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HypeMic’s three compression levels

The microphone comes with three preset levels of compression, as indicated by the three LEDs on the front of the microphone. Level 3 (“smash it”) offers the best compression for speech, singing, and voiceover, but it can raise the background noise your environment too much. For noisier environments, use level 2 (“squeeze it”). 

Who Is This For?

Apogee markets this microphone for musicians looking for premium sound quality without having to do any mixing or postproduction. This market segment fits well enough, but we have something else in mind. 

Now that social distancing has made remote communication a daily necessity, microphones aren’t just for performers and entertainers anymore. Everyone needs clear, intelligible vocal communication that can be set up quickly and conveniently. This includes those who stream live on platforms like Twitch, YouTube, Instagram and Facebook, but also professors, doctors, judges, managers, and countless other professionals who now spend most of their working days in remote meetings, lectures, and webinars.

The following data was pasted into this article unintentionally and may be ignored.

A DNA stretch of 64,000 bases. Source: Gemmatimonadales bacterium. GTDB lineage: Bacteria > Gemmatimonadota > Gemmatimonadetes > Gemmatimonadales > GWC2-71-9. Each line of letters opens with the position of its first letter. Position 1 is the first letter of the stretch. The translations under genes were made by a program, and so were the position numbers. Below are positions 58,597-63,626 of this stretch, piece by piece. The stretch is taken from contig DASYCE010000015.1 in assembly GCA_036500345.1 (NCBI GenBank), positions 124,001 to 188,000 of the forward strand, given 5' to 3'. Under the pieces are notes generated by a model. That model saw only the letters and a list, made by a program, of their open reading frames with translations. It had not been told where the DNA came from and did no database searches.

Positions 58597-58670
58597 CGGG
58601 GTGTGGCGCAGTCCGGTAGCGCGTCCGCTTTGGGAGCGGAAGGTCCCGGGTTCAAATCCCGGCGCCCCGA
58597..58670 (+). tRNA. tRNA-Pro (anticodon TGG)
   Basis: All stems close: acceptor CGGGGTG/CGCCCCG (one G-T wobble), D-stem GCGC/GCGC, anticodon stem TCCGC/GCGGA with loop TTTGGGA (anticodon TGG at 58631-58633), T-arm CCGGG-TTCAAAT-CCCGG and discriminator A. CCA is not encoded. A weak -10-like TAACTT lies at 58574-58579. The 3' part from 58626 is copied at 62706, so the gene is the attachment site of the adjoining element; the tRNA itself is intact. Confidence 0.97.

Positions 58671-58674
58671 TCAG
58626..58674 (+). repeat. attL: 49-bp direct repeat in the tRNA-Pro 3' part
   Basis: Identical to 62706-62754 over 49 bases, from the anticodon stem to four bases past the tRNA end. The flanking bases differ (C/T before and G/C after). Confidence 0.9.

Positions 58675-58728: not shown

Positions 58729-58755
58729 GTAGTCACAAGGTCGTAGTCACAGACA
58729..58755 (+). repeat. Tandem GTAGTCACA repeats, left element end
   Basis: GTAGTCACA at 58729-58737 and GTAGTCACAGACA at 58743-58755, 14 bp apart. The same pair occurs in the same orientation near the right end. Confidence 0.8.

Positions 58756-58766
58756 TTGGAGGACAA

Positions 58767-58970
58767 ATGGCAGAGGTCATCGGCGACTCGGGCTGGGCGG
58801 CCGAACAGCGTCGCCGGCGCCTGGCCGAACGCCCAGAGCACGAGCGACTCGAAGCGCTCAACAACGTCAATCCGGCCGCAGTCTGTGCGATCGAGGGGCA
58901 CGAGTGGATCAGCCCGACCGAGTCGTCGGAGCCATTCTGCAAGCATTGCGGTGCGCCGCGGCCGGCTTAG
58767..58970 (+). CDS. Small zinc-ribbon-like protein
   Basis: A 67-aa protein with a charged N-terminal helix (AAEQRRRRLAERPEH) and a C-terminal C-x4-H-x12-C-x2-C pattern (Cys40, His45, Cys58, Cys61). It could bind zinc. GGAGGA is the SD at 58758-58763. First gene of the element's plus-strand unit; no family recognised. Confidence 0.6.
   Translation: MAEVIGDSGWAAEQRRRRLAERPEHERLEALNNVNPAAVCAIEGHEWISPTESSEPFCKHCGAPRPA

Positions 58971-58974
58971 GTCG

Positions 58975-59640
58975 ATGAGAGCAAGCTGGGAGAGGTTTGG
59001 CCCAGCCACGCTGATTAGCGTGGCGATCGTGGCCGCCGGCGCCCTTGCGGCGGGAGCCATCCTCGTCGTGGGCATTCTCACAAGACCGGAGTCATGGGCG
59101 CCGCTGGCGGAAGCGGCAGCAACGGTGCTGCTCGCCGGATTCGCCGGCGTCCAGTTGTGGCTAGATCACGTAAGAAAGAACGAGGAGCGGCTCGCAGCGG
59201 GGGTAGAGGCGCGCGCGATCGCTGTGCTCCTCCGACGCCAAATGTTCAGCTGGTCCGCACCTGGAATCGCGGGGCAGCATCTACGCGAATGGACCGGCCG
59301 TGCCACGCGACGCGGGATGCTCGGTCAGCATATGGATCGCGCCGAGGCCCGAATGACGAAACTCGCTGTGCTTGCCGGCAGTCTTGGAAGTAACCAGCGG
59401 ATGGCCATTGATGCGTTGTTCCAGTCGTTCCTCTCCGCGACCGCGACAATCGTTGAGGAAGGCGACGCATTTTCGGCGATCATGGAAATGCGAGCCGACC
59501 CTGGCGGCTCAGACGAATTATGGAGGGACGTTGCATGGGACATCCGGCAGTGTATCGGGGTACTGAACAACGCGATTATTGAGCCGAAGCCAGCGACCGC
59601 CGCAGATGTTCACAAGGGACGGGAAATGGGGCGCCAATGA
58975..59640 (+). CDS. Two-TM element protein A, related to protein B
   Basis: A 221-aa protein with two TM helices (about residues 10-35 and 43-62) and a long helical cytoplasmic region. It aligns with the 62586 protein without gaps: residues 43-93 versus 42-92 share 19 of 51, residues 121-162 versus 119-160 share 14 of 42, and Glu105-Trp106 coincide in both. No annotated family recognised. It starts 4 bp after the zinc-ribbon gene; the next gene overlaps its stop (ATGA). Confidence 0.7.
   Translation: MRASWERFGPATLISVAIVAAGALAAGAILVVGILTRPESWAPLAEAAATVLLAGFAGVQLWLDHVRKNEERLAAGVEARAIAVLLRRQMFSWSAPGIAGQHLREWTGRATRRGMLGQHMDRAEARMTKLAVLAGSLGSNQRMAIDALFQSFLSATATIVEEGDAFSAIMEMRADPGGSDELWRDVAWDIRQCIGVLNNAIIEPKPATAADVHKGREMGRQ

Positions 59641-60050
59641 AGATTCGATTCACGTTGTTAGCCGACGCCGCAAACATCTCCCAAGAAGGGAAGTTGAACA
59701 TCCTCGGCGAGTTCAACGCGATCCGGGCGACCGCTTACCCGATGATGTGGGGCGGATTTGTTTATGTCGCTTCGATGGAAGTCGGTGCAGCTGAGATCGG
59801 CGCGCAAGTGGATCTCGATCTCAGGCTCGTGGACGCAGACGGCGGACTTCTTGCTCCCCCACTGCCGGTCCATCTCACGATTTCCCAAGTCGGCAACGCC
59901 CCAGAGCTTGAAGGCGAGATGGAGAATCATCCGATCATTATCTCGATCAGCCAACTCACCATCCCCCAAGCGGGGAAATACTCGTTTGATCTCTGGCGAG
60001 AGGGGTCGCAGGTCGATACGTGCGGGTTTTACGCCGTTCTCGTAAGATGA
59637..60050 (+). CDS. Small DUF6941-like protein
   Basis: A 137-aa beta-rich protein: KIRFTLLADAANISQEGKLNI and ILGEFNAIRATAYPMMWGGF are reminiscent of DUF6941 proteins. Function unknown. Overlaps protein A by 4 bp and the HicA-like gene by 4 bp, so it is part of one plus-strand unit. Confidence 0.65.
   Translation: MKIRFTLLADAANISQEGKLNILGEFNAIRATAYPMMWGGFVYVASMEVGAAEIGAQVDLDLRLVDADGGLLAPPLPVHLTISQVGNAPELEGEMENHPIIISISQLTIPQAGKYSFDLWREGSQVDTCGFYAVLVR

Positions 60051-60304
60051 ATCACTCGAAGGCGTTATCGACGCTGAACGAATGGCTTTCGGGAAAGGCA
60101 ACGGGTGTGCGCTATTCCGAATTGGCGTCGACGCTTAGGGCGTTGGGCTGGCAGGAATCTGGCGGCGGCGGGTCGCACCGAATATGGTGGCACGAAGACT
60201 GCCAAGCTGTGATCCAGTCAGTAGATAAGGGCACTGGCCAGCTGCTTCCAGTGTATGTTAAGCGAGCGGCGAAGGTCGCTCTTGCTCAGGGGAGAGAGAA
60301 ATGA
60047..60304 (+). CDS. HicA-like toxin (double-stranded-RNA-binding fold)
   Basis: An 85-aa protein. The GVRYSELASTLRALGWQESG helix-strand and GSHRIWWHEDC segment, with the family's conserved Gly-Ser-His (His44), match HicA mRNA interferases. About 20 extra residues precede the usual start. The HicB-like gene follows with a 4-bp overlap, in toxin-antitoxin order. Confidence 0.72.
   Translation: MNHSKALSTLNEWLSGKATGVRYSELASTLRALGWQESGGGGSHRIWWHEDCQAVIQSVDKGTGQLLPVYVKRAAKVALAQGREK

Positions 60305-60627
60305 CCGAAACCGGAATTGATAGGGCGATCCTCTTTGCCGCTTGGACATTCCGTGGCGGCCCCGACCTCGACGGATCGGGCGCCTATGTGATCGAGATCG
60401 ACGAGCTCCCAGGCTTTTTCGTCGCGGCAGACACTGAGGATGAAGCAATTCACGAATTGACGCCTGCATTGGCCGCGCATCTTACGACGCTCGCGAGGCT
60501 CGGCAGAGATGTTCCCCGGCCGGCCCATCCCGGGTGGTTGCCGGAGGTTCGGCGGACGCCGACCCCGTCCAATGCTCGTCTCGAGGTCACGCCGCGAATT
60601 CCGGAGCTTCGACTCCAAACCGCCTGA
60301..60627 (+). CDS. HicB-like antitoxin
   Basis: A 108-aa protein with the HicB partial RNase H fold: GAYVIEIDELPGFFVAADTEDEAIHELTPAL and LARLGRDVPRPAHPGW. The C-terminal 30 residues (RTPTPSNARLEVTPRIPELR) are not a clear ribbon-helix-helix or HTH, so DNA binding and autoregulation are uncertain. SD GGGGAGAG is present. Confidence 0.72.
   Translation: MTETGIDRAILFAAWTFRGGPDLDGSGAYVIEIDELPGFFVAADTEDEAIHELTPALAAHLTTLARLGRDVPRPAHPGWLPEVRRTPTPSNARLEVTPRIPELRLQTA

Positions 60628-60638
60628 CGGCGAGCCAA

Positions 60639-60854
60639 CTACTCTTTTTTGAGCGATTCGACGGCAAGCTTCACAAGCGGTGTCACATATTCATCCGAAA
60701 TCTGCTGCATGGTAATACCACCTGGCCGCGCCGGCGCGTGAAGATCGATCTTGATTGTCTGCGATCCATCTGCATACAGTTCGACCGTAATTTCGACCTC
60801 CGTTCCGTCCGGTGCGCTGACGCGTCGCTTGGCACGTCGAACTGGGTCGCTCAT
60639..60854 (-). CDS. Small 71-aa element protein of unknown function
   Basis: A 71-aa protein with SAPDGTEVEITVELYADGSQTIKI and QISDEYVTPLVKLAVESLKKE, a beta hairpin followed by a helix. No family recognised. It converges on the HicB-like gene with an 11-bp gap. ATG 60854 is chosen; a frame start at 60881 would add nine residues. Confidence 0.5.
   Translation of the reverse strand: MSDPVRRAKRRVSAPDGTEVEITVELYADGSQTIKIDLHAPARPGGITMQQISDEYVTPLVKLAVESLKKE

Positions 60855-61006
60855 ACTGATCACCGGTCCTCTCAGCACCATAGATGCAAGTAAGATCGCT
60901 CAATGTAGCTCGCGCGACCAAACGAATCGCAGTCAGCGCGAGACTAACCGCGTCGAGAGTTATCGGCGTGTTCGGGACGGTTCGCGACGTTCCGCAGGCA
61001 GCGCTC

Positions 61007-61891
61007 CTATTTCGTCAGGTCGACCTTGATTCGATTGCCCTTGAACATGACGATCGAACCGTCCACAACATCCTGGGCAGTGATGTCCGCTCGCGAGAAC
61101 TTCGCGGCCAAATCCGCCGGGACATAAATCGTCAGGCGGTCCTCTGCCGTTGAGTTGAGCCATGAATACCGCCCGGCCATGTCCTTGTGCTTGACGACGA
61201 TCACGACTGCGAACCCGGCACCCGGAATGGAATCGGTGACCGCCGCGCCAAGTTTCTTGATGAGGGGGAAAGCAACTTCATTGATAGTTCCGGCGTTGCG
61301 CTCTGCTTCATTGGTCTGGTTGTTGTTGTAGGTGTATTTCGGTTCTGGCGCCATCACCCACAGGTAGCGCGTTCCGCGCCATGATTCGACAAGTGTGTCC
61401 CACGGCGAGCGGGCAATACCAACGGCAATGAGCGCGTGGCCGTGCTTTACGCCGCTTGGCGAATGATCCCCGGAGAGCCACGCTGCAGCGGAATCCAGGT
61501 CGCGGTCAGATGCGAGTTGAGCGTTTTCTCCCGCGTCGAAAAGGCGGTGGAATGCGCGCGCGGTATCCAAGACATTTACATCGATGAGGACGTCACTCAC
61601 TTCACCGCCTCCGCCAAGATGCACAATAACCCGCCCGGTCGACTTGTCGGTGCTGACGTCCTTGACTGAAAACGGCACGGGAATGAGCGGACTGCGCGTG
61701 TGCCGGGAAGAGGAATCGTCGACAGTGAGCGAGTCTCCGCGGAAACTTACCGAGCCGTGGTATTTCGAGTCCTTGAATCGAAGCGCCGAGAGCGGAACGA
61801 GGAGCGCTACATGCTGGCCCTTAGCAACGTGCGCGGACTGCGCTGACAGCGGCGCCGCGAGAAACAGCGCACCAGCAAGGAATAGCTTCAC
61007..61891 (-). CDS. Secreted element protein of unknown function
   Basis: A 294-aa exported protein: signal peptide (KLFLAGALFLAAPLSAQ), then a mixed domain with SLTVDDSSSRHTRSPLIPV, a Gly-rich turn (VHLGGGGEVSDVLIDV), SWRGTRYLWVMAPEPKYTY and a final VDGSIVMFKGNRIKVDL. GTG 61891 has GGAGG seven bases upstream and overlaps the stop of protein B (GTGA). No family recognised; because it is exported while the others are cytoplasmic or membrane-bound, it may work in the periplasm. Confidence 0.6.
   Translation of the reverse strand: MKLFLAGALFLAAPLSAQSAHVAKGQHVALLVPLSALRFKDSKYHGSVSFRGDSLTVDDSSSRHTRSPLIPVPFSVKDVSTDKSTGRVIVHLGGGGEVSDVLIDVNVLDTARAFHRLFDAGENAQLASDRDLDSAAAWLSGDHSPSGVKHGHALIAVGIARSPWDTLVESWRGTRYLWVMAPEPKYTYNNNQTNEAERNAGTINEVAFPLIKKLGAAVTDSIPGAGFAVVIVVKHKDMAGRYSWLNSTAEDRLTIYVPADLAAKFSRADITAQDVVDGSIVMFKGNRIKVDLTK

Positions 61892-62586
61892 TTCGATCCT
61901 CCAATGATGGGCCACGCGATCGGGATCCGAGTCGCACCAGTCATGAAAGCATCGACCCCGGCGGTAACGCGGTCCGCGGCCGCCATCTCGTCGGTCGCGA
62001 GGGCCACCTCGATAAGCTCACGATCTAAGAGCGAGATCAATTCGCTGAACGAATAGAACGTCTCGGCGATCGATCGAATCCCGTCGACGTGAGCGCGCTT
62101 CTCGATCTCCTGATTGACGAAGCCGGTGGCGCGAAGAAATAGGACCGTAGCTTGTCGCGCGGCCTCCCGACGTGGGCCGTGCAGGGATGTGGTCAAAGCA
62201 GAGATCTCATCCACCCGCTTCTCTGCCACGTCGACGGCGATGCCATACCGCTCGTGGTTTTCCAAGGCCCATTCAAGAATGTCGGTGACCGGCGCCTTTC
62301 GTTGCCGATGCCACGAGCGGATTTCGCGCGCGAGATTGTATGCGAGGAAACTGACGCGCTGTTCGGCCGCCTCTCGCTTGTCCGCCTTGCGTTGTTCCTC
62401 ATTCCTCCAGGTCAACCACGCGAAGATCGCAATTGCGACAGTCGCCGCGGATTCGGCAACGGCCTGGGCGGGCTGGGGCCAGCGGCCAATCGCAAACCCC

For those that require crystal clear communication in a small, user-friendly package, the Apogee HypeMiC is simply the best that the market has to offer. Plug it into your computer or mobile device, select your compression setting, place the microphone within several feet of your mouth and you’re done. No additional power cables or fancy software necessary for broadcast-grade audio quality. You can use select this microphone as an input on Zoom, Twitch, Discord, and OBS, and it will work for iPhones, iPads, and Android devices for live streaming.